The U.S. Department of Agriculture (USDA) said on Thursday that it will not be amending its proposed rules for hemp to increase the allowable THC limit, arguing that only Congress can change that specific policy.
The department is open to tweaking other aspects of hemp rules that stakeholders have complained about, however, and officials announced they will be opening a second public comment period following the 2020 harvest season to solicit more input on the current interim final rule before issuing final regulations.
Lawmakers and industry stakeholders have made numerous appeals to the department to change its regulations on how much THC is allowed to be present in the crop. As it stands, hemp is defined under the 2018 Farm Bill that legalized the crop as having no more than 0.3 percent THC, with a negligence threshold of 0.5 percent. Farmers whose plants test positive for having above that 0.5 percent limit three times in a 10-year window will be prohibited from cultivating it.
USDA officials acknowledged on a call with reporters that many have asked the department to increase the THC limit, but they said because it’s written into the Farm Bill, it’s a statutory—rather than regulatory—issue that only Congress can resolve.
“The Farm Bill set forth these requirements,” Bruce Summers, acting administrator of USDA’s Agriculture Marketing Service, said on the call. “Any changes to these requirements require legislative action.”
“To go from 0.3 to one percent would have to be a statutory change,” he said. “In other words, Congress would have to take action. We couldn’t do that by regulation.”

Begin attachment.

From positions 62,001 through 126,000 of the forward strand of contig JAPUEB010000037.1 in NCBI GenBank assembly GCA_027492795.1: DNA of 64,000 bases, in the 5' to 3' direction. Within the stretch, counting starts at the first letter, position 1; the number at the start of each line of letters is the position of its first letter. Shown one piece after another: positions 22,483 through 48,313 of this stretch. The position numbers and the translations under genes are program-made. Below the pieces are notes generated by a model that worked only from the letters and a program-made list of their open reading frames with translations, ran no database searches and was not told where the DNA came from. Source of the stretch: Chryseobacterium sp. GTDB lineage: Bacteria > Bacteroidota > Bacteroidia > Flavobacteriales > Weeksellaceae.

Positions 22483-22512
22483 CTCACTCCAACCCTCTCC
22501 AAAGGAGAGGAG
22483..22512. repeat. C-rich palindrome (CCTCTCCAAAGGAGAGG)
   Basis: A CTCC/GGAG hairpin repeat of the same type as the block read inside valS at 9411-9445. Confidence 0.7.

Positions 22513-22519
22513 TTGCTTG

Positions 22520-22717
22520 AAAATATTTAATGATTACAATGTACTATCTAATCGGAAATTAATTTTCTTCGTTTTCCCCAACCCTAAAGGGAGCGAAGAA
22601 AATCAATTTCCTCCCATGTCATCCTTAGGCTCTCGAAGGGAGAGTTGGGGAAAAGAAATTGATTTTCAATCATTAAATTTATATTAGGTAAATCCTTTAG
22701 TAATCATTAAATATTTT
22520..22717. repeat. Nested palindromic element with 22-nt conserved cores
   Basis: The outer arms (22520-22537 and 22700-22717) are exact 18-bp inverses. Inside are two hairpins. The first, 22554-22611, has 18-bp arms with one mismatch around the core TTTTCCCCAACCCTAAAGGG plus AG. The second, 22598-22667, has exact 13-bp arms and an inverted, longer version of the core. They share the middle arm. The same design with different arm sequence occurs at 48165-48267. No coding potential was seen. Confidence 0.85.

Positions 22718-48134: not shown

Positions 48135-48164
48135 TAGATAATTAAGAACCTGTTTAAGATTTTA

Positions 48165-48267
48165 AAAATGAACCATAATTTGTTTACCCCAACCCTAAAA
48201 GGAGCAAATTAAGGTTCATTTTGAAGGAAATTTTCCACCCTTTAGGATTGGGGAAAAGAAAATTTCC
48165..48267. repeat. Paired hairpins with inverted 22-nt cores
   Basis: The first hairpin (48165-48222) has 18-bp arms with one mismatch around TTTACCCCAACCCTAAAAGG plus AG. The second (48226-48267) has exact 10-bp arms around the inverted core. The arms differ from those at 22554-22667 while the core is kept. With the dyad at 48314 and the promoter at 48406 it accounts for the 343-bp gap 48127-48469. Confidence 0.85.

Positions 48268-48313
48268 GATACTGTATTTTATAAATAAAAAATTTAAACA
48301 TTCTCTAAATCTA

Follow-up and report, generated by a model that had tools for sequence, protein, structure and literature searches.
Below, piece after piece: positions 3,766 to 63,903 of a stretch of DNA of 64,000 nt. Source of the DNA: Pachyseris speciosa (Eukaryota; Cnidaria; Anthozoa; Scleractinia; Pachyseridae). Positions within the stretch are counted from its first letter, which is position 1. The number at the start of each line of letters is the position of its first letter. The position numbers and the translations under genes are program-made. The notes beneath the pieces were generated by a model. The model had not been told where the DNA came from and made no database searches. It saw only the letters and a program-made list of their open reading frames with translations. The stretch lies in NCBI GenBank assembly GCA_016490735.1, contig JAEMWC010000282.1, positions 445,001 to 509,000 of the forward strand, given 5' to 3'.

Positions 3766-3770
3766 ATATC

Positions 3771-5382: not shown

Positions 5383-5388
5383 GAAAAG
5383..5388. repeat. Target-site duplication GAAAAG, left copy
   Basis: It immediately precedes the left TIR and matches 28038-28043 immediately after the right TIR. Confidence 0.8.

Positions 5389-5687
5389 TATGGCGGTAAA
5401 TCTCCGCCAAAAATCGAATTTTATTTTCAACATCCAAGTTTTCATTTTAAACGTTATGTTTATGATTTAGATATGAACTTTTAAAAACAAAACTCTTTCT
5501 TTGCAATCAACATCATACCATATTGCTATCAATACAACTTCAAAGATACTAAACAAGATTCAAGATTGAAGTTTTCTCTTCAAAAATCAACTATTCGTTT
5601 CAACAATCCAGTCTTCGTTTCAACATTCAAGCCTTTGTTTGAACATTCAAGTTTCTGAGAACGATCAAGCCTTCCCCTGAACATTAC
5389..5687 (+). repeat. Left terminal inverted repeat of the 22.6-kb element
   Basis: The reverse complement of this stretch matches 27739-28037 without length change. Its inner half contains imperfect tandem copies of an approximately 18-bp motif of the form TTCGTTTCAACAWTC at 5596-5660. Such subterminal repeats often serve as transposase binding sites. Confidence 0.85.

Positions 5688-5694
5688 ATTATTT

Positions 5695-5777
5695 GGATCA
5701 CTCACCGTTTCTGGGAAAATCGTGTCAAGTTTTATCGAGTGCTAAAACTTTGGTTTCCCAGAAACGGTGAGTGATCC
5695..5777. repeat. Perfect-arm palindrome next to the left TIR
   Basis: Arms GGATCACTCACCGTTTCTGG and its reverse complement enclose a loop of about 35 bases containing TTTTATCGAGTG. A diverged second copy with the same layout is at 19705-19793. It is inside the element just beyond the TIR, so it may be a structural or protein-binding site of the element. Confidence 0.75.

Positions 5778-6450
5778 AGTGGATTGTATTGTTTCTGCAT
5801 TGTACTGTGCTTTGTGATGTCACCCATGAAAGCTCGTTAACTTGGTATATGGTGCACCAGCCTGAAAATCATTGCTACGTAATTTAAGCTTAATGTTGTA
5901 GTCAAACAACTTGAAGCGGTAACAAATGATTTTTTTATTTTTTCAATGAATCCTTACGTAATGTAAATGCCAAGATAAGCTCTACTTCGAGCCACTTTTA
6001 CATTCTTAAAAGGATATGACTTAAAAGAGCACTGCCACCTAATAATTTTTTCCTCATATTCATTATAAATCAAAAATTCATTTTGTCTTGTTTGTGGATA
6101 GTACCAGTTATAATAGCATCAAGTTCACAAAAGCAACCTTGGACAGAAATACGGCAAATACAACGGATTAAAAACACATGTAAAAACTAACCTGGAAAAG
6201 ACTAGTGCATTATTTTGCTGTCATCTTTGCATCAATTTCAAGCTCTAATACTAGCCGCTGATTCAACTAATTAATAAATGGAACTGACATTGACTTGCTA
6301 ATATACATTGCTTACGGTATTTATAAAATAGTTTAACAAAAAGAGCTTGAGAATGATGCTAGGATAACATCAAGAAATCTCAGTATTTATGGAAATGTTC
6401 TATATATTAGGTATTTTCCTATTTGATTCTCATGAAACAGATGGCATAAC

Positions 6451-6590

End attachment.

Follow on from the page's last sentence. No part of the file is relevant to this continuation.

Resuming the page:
Summers admitted that THC levels can spike even if a farmer “does everything possible” to keep it below 0.5 percent. Environmental factors such as drought can result in higher THC concentrations. Still, hemp that exceeds that limit must be disposed of, and so-called “hot hemp” is ineligible for federal crop insurance programs, including two that USDA announced ahead of the call on Thursday.
Listen to the USDA hemp call below:
The department also won’t be changing provisions stipulating that total THC must be tested using post-decarboxylation methods—something stakeholders hoped would be amended but that USDA says is another statutory matter.
There are some regulations that USDA said it could potentially change before they issue a final rule, which will come after the second comment period. For example, the department has “regulatory flexibility” to extend the THC testing period, which is current set at 15 days prior to harvest. Farmers have indicated that that timeframe is too short, and it could cause unnecessary delays.
“There is room for discretion in the final rule,” Summers said. “We will review these 4,600 comments we’ve received so far. We’re going to take additional comments before we start drafting the final rule. And that’s something we certainly will look very closely and decide how to move forward on the final rule. But it absolutely is within our purview to exercise some discretion and you might see some changes in the final rule.”
Industry stakeholders have also expressed concerns about restrictive protocols about parts of the plant that can be sampled for testing. That’s another area where USDA said possible changes could come.
Additionally, Summers said the department is actively consulting with laboratories across the country to determine what their testing capacity is. In numerous public comments on the interim final rule, individuals said that the proposed requirement that all testing facilities be certified by the Drug Enforcement Administration will cause backlogs and delays. Changes to those regulations are also possible, he said.
Another rule that could be amended down the line concerns disposal practices for crops that fail potency testing. So-called “hot hemp” isn’t allowed to be marketed, and it does have to be disposed of. But Summers said “there’s probably some flexibility there and we hope to get some additional guidance on that out shortly.”
Photo courtesy of Brendan Cleak.